St. Peter Claver

Friends in the Lord, today is the Feast of St. Peter Claver. Peter was born in Spain in 1581. He had a hard time making commitments. He went to a Jesuit school, but vacillated for years about whether he should join the Order. Finally he did, but he immediately had second thoughts. He was a person, not unlike many today, who had difficulty making commitments.
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Now along the way, he came to know a humble, elderly porter named Brother Alphonso. He confided his doubts to him. Brother Alphonso told him: you need to take a bold step: you should go to the Americas as a missionary. He felt great fear at this shocking idea. But summoning up all the courage he had, he asked to be sent.
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He was sent to Cartagena, Columbia. Now this port was a principle port for the slave trade, and there Peter saw the plight of these Africans – crammed into dark holds of slave ships, arriving dehydrated and hungry and mad with fear. Their treatment was so inhumane, that 1/3 of them died in the sea journey. They were herded into slave-pens and auctioned to the highest bidder.
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It was to these people that Peter would minister. Regularly he would row out to the crowded, disease-laden ships to bring food, medicine & clothing, but most of all, he brought them God. He had found something finally, that would compel him to throw his whole heart into it.
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While nursing them back to health, he taught about Christ and told them that they were loved by God. What he offered, was their consolation: hope in the promises of Eternal Life. He baptized nearly 300,000 slaves. and after 27 years of devout service, he lay dying in the Jesuit residence.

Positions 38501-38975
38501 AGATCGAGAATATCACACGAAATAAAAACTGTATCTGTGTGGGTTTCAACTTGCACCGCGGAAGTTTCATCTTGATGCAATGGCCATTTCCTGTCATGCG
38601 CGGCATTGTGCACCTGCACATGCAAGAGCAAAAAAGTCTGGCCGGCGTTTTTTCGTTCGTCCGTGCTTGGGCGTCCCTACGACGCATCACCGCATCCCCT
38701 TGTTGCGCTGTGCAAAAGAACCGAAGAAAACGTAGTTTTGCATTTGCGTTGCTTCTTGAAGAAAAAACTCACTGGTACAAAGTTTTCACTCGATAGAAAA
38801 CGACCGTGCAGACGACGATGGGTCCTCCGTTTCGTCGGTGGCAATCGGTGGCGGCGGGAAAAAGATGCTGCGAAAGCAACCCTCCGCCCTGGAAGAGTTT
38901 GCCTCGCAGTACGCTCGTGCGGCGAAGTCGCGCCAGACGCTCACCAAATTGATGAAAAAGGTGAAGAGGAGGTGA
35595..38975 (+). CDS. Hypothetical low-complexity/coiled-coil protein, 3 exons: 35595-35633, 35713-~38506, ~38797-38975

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Abandoned by the whites of Cartagena, it was an African who cared and nursed Peter Claver until he died. Canonized a saint, he was proclaimed patron of Catholic missions among the Blacks.
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And that humble porter, Brother Alphonso? He was canonized at the same time.
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We don’t have slavery in our country today, but prejudice in many forms is still present. We are not ‘on’ for changing all the problems of our society. But what we are ‘on’ for, is treating others with Christian charity, no matter their race or ethnicity or how they talk; no matter whether they are fat or thin, attractive or unattractive; like us or not like us.
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Since the time of St. Paul, this is how Christians have tried to be leaven in the darkness of the world; like St. Peter Claver, doing the best we can to treat others as Jesus would want it, one person at a time.

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